By Obi Nwakanma

Richard Condon’s novel, The Manchurian Candidate (1959), now a classic of the cold-war, is a political thriller about a young American soldier, from a very prominent political family, who is recruited, brainwashed, and unleashed unto the American political landscape by the Communists to effect subterranean changes that would have ground-shifting impact on American politics and society.

The basic unsubtle trigger of the story is that the main character, Raymond Shaw is programmed as a “sleeper agent” to undermine his own society. It is from this scenario, the characters – individuals primed, either by self-interest, greed, unhealed trauma, or even conditioned psychosis that produces among other things, self-hatred, and instigated by external forces to undermine their own societies, communities, or even families by pretending to work within it, that I call the “Manchurian complex.”

That drive to step away from a common cloth, or thread, or interest; to presume to be so aware of history that you sometimes believe that you speak, or know better than your society. But as we have always known, even with the deepest capacity for introspection, no individual is worthier or better than his/her society. Change – the change that does common good comes to every society by consilience not by individuation.

But I was speaking of the “Manchurian complex.” It seems to me that, Mr. Joe Igbokwe, the Igbo-Lagosian, prominent these days for his harangues of the larger community of the Igbo with whom he now frequently disagrees, is clearly demonstrating the symptoms of the “Manchurian complex.”

There is evidence that his political affiliations has made him the ultimate “Manchurian candidate” – as a “sleeper agent” among the Igbo, inserted by his political masters to undermine and tear down every contemporary Igbo position within the discourse of nation, and there is evidence that he is paid quite handsomely for it in Lagos.

Let me tell a little story of Joe Igbokwe, the Nnewi-born, University of Nigeria Nsukka-trained Engineer, who became a trader in Lagos in the late 1980s and 1990s. Good old Joe earned his laurels as part of the NADECO chattering-classes after June 12, and spoke out quite openly against that travesty of election cancellations.

He campaigned for the restructuring of the federation, for political justice, and for the restoration of Moshood Abiola’s mandate. It was all dandy then. He even wrote a book, The Igbo: 25 years after Biafra.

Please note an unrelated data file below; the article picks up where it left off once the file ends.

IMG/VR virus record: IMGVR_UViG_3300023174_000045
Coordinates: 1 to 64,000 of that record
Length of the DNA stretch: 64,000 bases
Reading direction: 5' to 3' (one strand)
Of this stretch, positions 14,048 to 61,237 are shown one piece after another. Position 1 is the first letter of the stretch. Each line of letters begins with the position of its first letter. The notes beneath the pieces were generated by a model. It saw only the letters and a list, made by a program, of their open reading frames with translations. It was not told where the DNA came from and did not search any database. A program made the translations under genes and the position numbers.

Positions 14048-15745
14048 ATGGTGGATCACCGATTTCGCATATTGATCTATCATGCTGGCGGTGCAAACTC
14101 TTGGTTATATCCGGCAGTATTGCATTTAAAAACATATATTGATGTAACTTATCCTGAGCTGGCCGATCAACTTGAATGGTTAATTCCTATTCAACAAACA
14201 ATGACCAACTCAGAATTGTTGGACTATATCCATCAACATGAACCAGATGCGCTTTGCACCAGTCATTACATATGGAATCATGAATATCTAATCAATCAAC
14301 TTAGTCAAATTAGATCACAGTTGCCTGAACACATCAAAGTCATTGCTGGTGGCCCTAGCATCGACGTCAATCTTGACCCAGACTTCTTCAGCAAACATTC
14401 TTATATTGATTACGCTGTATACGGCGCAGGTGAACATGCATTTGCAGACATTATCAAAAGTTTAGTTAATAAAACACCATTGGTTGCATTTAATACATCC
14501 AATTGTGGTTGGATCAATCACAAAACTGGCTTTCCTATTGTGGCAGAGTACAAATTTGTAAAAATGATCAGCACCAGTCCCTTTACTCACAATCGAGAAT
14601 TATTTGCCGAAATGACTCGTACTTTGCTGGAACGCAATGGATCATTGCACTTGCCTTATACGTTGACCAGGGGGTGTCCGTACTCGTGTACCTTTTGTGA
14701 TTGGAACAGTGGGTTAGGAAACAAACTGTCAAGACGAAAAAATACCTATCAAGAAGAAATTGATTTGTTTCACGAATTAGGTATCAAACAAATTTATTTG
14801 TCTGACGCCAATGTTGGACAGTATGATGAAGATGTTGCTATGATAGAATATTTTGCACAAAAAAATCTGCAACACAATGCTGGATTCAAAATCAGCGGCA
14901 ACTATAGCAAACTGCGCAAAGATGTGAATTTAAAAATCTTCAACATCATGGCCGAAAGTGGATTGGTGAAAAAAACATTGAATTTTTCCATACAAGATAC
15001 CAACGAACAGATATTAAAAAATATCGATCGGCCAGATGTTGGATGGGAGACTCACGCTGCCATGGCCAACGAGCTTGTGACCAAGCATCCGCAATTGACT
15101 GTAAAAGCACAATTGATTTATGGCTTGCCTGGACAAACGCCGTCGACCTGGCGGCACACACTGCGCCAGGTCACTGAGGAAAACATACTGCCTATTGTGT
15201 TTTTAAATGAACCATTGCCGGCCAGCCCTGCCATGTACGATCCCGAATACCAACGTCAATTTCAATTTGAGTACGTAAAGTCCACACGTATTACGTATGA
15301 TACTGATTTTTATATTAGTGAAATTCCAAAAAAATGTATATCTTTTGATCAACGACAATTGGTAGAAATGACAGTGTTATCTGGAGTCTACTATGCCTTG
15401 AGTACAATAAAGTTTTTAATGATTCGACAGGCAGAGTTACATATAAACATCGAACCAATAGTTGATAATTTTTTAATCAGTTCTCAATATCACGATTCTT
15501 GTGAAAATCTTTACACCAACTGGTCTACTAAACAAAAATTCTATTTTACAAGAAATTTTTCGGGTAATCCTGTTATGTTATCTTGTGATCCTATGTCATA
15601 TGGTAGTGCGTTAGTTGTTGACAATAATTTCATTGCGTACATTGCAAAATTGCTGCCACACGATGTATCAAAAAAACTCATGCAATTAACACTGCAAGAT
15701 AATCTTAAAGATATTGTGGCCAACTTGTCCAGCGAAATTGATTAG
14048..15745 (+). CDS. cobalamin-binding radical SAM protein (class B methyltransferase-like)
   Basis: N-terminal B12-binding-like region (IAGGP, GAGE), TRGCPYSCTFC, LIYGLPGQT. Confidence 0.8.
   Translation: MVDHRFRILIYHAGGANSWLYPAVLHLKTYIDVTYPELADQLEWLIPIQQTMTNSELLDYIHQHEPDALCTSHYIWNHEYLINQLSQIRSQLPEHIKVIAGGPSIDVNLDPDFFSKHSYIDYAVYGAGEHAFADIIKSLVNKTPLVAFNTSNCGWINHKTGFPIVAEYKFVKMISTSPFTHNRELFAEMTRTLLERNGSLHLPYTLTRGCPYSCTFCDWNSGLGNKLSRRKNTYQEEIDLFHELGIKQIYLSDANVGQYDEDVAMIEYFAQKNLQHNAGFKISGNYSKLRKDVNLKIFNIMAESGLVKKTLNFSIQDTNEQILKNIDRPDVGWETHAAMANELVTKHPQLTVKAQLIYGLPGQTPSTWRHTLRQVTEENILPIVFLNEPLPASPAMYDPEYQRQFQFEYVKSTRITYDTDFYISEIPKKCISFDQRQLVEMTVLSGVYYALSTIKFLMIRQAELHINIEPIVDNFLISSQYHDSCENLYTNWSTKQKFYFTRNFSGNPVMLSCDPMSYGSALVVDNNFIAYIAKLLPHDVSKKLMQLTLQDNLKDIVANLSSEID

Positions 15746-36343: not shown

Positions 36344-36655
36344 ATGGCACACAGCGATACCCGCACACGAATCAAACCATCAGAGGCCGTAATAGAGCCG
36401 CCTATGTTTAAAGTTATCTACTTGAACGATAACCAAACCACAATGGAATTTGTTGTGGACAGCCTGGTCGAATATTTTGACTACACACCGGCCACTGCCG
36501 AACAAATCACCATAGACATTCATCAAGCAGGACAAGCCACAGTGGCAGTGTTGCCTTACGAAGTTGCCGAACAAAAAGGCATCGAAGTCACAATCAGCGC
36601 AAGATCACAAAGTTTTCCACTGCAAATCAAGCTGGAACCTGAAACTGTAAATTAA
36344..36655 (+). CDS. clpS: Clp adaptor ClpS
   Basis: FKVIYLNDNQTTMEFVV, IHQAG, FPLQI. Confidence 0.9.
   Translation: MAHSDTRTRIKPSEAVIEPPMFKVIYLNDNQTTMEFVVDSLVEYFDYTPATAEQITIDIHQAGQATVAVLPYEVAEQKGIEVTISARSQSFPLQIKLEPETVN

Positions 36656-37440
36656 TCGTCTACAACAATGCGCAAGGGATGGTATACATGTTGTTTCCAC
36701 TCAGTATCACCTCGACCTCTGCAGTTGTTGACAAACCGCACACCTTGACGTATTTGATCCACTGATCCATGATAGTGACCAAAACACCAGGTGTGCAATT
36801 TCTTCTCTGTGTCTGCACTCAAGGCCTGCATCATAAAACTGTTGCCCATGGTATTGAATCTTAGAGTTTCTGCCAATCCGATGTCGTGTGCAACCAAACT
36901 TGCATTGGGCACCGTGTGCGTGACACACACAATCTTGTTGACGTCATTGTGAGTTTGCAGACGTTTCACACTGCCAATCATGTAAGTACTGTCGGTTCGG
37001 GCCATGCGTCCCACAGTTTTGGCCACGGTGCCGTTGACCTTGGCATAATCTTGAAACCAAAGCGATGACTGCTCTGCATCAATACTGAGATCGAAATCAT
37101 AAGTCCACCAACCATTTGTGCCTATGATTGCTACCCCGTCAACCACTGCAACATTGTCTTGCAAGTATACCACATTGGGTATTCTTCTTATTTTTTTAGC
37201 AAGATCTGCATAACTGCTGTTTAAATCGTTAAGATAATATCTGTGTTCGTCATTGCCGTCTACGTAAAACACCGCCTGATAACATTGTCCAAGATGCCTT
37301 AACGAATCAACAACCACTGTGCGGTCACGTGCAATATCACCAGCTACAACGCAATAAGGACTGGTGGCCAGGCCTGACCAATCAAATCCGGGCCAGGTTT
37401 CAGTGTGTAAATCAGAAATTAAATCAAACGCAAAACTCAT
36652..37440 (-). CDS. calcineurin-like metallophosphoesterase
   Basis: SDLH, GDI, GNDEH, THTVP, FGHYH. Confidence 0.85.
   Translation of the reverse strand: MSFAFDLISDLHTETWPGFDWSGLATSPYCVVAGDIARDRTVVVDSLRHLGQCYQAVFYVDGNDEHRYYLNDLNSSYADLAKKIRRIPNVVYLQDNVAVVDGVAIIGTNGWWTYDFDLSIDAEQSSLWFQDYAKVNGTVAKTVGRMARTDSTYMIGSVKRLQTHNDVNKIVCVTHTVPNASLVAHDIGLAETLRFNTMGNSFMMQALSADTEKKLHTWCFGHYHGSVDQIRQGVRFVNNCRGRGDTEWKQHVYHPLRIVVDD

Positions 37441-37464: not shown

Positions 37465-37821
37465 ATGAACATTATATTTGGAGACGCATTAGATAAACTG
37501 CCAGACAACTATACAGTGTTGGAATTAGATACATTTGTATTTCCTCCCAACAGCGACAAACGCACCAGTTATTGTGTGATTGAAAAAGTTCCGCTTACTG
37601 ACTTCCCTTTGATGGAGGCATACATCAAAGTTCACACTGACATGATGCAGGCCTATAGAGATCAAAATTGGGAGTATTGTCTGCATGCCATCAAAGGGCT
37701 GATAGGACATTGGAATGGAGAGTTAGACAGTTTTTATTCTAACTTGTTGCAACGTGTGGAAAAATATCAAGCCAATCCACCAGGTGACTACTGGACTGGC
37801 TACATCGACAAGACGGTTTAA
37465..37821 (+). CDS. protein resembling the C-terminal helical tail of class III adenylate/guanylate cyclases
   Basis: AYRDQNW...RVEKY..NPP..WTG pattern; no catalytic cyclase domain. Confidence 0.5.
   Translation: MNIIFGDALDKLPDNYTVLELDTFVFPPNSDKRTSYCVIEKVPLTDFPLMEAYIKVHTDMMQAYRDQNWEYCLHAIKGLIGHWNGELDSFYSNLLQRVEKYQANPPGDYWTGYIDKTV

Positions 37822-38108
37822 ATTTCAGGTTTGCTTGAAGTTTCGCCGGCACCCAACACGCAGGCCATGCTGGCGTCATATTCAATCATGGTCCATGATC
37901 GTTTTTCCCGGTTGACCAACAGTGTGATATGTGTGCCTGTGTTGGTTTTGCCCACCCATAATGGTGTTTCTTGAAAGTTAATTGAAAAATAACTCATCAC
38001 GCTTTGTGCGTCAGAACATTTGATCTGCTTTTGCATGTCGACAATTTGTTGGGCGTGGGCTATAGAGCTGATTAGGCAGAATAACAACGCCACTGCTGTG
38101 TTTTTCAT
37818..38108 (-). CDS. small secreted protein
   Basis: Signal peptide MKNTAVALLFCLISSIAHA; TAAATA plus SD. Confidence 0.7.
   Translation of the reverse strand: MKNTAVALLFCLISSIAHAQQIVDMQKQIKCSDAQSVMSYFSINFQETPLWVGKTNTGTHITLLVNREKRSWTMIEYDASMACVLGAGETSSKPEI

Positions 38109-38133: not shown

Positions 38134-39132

Frankly, it was of mediocre quality, and the analysis was a wash, but it did the job, and put across the issue he wanted to put across, and that is, that the Igbo remained marginalized in Nigeria’s political life. No sane person could disagree with Joe Igbokwe’s position then, and we in the Lagos press, gave him some free rein because his sentiments melded with the leading sentiment of the day. It all allied with what we called the “pro-democracy” movement which later turned out to be all fiction. He joined the defunct AD in Lagos, and soon joined the Bola Tinubu train, and Ogbeni Tinubu, the new Are Ona Kakanfo of South-West politics, has since become his god, and does no wrong.

Tinubu’s party, the APC, of which Joe Igbokwe is publicity Secretary for Lagos, is his newest obsession. Joe Igbokwe, most certainly because he has since discerned what side his own bread is buttered, has accorded Mr. Tinubu far more regard than he ever accorded the late Ikemba Odumegwu-Ojukwu, whom Mr. Igbokwe took to the dogs in 2001, after the so-called Igbo summit in Enugu.

Joe had sworn to undercut everything about Igbo agitation for justice, including the new Biafra movement, because it does not agree with his own political choices and personal interest as a paid servant of anti-Igbo campaigners. I should at this stage make this point clear: Joe Igbokwe has every right as a citizen of Nigeria to speak his mind, take any position, and be paid for it, or act pro-bono.

What he must not be allowed to do, or get away with is to resort to the calumniation of an entire Igbo people, to press home his own political frustrations. Joe is a Lagosian who cannot win an election in Nnewi, his former home in Igbo land. He must learn to be calm on Igbo questions beyond his pay grade. I say this in response to Joe Igbokwe’s most recent troll titled, “Efulefu Biafrans and their Ethnic Card show” circulating in many chat rooms.